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Automate your CCNA-Labs with Ansible

Automating CCNA-Labs with Ansible in EVE-NG to start your Network-Automation-Journey

Hello guys,

have you always wanted to start trying out network automation tools like Ansible? Where do you start ? Today I will show you how to start with Ansible in a practical scenario to get your feet wet with this topic. You can learn network automation while learning for your CCNA to make your own automated labs. This will gain you valuable knowledge for your future. You will need EVE-NG (open-source) for this tutorial. I will link you to sources where to go after the tutorial to gain more knowledge about Ansible since teaching the concepts of Ansible will exceed the frame of this blog post.


  • installed and running version of EVE-NG in the same subnet as your homerouter
  • basic network-knowledge and little experience with Cisco routers
  • Cisco VIRL/CML Images (can only be purchased on the official Cisco Store)
  • WinSCP or another SFTP-client

Scenario / Goals

We want to reach the goal in this scenario to configure the other interfaces of the routers Berlin and Paris and adding a static route, so that PC1 and PC2 can reach and ping each other. We will create a Ansible-Server which will orchestrate and configure the routers after we connect and configure the GigabitEthernert 0/0 interfaces of the routers to our home-subnet.


Setup Ubuntu Server and install Ansible

First you need to download this special EVE-NG Linux Ubuntu Image here and follow the instructions on the website.

Now you will create a new EVE-NG Lab and will add a Linux-Ubuntu Server. You need to add now the other devices from the network-topology too. These are two cisco routers, one cisco switch, two virtual PC´s. Finally you need to add a network and select ManagementCloud so that it is bridged to your home-router subnet for the Internet connection. Connect the devices like in my network-topology. The ubuntu-server will get automatically a IP from your DHCP-server.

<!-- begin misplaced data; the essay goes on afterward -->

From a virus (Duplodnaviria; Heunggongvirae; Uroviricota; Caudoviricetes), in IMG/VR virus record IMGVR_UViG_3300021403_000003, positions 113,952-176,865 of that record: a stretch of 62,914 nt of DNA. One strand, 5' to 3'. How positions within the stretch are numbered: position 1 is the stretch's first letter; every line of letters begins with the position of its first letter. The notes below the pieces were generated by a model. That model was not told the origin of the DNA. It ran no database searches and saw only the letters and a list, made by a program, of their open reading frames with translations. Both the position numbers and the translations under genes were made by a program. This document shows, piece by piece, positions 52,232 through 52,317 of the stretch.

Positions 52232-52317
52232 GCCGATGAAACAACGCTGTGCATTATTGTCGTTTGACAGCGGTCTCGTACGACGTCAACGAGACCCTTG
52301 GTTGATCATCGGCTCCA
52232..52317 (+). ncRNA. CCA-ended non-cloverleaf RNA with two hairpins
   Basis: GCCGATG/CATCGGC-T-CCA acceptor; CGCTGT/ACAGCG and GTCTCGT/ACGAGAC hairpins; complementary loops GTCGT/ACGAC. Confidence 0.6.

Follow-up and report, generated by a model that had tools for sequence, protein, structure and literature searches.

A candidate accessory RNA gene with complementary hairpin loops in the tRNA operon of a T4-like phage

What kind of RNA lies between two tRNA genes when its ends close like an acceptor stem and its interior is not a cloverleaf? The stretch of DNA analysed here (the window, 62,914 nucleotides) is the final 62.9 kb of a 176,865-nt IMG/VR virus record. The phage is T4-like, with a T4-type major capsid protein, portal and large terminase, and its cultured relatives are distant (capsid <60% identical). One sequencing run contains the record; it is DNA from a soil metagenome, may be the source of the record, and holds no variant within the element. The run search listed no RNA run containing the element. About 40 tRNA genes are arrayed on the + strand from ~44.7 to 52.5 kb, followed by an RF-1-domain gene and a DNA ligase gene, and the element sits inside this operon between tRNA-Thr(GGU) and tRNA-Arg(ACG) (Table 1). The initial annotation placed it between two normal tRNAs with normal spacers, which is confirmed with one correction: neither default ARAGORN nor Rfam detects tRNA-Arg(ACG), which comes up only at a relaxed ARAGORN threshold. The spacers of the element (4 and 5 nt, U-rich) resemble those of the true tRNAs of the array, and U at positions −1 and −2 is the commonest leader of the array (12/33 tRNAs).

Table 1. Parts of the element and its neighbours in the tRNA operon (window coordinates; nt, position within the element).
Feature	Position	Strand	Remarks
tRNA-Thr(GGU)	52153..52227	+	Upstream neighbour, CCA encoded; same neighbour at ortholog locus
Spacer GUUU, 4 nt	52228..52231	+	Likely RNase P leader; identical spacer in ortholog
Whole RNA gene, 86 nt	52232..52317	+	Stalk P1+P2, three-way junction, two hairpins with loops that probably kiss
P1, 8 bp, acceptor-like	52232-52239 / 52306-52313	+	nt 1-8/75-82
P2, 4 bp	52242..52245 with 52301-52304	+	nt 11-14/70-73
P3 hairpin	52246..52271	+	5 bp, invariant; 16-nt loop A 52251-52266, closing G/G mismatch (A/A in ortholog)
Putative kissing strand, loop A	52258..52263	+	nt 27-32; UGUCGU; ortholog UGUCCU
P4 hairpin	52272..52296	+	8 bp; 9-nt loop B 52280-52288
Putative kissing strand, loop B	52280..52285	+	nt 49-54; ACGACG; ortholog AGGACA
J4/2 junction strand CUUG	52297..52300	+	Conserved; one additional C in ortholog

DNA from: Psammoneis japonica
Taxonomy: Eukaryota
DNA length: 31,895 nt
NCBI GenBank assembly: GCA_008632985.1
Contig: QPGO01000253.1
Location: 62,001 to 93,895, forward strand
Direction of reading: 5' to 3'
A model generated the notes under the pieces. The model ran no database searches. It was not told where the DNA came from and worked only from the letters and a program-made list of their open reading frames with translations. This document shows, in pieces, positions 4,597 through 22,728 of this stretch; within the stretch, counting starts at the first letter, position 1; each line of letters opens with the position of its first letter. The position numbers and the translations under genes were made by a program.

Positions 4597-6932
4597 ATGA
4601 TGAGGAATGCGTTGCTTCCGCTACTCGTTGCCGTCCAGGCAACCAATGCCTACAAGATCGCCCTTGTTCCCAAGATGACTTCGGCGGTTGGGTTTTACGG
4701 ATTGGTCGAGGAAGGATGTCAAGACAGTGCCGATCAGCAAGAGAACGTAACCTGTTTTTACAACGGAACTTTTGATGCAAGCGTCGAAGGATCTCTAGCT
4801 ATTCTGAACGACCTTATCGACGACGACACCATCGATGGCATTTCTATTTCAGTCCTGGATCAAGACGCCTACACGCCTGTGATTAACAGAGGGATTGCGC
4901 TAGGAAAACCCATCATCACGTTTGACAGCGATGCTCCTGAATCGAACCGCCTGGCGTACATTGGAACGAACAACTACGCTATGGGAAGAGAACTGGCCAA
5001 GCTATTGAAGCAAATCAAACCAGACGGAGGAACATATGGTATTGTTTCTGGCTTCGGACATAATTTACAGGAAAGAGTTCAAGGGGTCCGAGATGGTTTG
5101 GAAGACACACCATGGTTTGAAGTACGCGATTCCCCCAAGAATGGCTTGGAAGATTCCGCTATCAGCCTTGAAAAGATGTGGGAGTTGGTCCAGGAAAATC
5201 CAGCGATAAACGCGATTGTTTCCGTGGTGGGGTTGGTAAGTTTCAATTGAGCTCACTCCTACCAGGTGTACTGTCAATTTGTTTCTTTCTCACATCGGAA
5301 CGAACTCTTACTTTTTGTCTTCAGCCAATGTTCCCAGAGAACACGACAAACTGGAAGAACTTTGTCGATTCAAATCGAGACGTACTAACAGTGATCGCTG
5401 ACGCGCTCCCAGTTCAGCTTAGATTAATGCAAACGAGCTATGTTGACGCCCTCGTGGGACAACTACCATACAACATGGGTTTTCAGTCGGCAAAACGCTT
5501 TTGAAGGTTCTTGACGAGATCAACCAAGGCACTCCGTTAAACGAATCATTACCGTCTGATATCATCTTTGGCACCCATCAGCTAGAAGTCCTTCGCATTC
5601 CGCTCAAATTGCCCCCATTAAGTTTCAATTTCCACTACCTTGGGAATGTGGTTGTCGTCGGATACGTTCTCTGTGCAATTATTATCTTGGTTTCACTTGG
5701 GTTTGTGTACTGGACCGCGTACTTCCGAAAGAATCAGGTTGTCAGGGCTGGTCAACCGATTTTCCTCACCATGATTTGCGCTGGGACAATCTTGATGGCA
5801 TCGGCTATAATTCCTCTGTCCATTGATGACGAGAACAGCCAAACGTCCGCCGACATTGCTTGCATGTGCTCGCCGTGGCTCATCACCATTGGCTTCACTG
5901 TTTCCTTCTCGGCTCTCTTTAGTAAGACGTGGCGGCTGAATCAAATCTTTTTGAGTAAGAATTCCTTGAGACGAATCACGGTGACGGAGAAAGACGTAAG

Start up all devices. We have to configure only the two routers on one interface and to allow ssh, so Ansible will get acces to the devices to push the configurations to it. Set here static IP-adresses out of your home-router´s DHCP address-space.

We will configure now a initial config to each Cisco Router so we can push configs to them and configure automatically the remaining things. You have to do this then for the Router-Paris too and configure the correct IP-address. The Gi0/0 interface will get a static IP, SSH will be enabled and the SSH-User ansible with password ansible will be created.

Initial Configuration for the Router-Berlin:

    Router-Berlin(config)#int Gi0/0
    Router-Berlin(config)#ip addr
    Router-Berlin(config)#no shutdown
    Router-Berlin#conf t
    Enter configuration commands, one per line.  End with CNTL/Z.
    Router-Berlin(config)#username ansible priv 15 secret cisco
    Router-Berlin(config)#ip domain-name automation.com
    Router-Berlin(config)#crypto key generate rsa 
    The name for the keys will be: Router-Berlin.automation.com
    Choose the size of the key modulus in the range of 360 to 4096 for your
    General Purpose Keys. Choosing a key modulus greater than 512 may take
    a few minutes.

    How many bits in the modulus [512]: 1024
    % Generating 1024 bit RSA keys, keys will be non-exportable...
    [OK] (elapsed time was 1 seconds)

    *Oct 27 12:43:04.114: %SSH-5-ENABLED: SSH 1.99 has been enabled
    Router-Berlin(config)#ip ssh version 2
    Router-Berlin(config)#line vty 0 15
    Router-Berlin(config-line)#login local
    Router-Berlin(config-line)#transport input ssh

Initial Configuration Berlin-Router

Now on the ubuntu-server I recommend you to do these following steps to update the system and to enable SSH. After that you can use your favorite SSH-Program to access the server.

    sudo apt-get update && apt-get upgrade
    sudo dpkg-reconfigure keyboard-configuration